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Take Analytics where Data is!


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A miniature racing track with curves and slopes. 4 remote controlled speed cars by 4 different players. People cheering for the winner. After every lap, the players would swap the cars (thereby getting a chance to race on different track with different turning angles). Here we were, witnessing an interesting racing scenario. What was odd about it – It was not a gaming zone, it was a tech convention (ElasticON). And the purpose of this race was to demonstrate how one can collect and analyze real time data.

In fact, throughout the convention, there were many places where real time data was being collected constantly. Even at coffee stations, data was being collected and flashed on the display boards about the types of coffee and the number of cups being served. This was to highlight the popularity of the various types of coffee, using real time data.

We are living in a world where everything is being ‘datafied’. So many of our actions in daily life are being captured through sensors and converted into data in real time – right from the time we wake up till we hit bed at night. When human actions are being captured, there is no dearth of data being collected from the machines, computer systems and applications. But this is leading us to another challenge – massive amounts of data and making sense out of it. Debra Logan of Gartner has very aptly described this challenge as ‘abundance of data’ but ‘scarcity of insight’.

Today, decision making for businesses has become dependent on the availability of data. To the extent at times, the new data set being churned out is now forcing a change in business plans; and it is happening in near real time scenarios. The business planning for an enterprise has become a dynamic function rather than just once a year (or once in 3 years for some organizations) affair. This development has brought about a change in the expectations from CIOs and IT managers. They are no longer expected to just manage the technology of the organization but are now tasked to manage ‘data’. Many organizations have gone to the extent of creating a new role namely Chief Data Officer. Managing data is no more a purview of only IT organisations. Now, business units are directly empowering their teams to manage and analyze data in order to drive business decisions.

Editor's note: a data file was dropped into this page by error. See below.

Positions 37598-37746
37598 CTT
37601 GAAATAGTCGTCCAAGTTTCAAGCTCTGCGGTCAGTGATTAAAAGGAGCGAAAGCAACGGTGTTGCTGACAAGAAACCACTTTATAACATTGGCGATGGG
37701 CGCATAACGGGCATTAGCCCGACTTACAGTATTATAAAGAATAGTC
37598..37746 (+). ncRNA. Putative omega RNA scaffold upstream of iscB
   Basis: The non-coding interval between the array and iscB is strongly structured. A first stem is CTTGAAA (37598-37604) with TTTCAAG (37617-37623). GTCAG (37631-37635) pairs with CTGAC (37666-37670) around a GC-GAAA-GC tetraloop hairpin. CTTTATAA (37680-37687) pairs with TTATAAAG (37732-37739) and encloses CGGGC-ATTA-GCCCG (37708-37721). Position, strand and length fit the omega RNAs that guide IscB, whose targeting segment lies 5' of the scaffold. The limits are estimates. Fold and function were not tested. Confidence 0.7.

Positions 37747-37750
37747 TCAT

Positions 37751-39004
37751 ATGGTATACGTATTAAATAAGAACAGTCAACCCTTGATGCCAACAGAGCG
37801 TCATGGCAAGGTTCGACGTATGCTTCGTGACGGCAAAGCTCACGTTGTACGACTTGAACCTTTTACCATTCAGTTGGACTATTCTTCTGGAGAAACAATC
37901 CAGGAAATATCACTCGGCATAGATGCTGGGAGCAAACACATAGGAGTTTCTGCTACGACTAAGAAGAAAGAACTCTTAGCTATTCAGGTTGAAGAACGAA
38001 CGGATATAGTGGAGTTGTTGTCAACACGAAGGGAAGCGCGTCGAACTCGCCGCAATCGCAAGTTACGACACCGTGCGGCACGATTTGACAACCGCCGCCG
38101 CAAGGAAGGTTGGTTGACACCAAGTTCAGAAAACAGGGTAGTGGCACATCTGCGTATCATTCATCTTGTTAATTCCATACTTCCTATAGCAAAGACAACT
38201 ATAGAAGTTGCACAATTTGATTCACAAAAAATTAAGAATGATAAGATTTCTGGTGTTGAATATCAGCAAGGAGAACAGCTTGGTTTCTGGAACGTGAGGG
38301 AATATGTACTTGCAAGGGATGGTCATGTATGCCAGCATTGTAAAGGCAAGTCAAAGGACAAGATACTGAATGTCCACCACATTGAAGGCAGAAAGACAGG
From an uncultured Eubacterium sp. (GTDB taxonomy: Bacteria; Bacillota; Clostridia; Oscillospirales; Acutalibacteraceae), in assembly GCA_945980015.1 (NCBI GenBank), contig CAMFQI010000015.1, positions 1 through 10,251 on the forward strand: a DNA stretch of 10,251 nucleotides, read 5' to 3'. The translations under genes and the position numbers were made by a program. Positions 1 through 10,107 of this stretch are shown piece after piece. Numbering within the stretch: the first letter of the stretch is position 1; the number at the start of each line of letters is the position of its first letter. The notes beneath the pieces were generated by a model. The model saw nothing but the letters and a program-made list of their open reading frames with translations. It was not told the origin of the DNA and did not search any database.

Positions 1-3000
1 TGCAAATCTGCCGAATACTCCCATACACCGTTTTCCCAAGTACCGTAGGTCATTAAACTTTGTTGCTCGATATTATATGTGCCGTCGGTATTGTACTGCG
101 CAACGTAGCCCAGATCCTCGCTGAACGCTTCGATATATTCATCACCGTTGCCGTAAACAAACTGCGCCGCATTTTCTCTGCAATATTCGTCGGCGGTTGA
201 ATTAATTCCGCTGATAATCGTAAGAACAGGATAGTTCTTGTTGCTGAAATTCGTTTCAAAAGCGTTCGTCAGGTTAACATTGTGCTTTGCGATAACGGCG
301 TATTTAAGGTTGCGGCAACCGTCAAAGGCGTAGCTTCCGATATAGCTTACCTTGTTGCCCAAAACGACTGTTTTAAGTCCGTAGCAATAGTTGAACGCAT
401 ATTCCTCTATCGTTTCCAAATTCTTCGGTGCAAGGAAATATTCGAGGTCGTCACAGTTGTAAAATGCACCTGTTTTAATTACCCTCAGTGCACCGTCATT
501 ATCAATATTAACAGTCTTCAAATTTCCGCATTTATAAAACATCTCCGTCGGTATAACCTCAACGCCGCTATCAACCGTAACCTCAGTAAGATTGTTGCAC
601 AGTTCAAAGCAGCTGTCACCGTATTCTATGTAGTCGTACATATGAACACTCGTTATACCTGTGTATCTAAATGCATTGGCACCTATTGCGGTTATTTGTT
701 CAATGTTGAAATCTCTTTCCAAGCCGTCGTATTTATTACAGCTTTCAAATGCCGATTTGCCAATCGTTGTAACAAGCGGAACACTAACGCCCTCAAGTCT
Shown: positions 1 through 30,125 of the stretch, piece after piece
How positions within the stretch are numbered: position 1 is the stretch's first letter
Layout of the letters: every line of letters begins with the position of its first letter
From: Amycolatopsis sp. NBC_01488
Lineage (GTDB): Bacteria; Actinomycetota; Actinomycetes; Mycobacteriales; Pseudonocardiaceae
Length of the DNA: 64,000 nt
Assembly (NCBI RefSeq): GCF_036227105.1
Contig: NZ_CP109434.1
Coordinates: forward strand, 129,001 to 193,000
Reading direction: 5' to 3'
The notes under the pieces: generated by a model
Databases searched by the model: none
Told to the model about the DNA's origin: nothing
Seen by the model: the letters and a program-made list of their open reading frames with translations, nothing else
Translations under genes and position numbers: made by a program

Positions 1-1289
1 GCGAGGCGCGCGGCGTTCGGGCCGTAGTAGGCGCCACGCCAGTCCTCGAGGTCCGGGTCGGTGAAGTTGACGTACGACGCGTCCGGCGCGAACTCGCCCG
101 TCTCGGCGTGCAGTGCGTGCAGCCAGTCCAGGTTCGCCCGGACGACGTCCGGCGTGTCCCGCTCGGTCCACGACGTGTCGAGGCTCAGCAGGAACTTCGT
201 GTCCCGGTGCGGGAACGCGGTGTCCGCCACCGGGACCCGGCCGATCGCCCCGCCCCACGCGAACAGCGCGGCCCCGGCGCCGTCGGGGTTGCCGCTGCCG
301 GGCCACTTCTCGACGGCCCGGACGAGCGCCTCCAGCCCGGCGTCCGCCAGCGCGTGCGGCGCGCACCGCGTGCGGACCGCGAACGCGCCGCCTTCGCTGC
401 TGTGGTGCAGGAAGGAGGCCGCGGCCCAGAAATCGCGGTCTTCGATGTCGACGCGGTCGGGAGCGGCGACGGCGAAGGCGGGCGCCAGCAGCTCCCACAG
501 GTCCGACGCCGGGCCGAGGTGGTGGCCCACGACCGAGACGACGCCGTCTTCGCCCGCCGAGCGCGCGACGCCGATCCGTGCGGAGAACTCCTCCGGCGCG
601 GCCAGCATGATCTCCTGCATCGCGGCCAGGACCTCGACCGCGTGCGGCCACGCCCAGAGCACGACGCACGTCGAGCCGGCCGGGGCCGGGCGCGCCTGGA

Data being generated is not just limited to the core operational systems that are under traditional IT organizations. With special sensors being deployed everywhere, data is being generated by so many sources – office doors, coffee machines, drinks dispensers, photocopying machines, video cameras and what not. On top of it, there are external data sources – news feeds, social media interactions, competitive information, buyer behaviors, buyer interactions with various promotions and purchase channels. Just so much data!

Thus, data generation and data capturing is happening in several systems which are often far away from the core operational systems.

In such scenarios, the older approach to data analysis wouldn’t work. In the traditional approach, data is brought to a central place, cleaned up (ETL) and selective data is fed to the DWH system. This process, though has been useful in the past, is no longer sufficient today. Also, this approach means all the data has to travel back to the central place for storing, analyzing and decision making. In many cases, this is even not necessary. Many times, local data needs to be analyzed in real time and local decisions need to be made immediately. Only a metadata is needed for further analysis in a batch mode. For example, some decisions regarding a bank’s branch operations need local data and local decisions.

Hence, a new approach is emerging fast. In this new method, analytics engines are embedded on clusters of data and insight given to the managers in near real time. The metadata then flows to the central system for further insights. In the IoT world, this is even more appropriate. The sensors are being deployed on remote locations such as street lamps, on windmills, airplane engines etc. For localized decision making from such devices, a light weight (almost embedded) analytics engine is being deployed that gives actionable insights to the relevant people at the location in real time. This analytics engine can combine past trends and other environmental data and provide some prescriptive analytics for timely action.

In a nutshell, what we are witnessing today is analytics is going to where the data is. Instead of the data flowing to the analytics systems. Welcome to the world of ‘Distributed Network of Analytics’.

Sachin Dabir – Founder, Director – Ashnik

Sachin is veteran in IT industry and brings over 25 years of experience in setting up new businesses, leading high performance sales teams and executing growth strategies. He is passionate about open source and is an acknowledged leader in open source in Asia. As a founder of Ashnik he is leading the growth initiatives and taking Ashnik global. His stints in Asia, UK and USA enables him to bring unique perspective to entrepreneurship and life. His interests in writing, reading and mentoring makes him an excellent networker. Currently he is learning to be a patient father to teenage sons and striving to be a good husband. 


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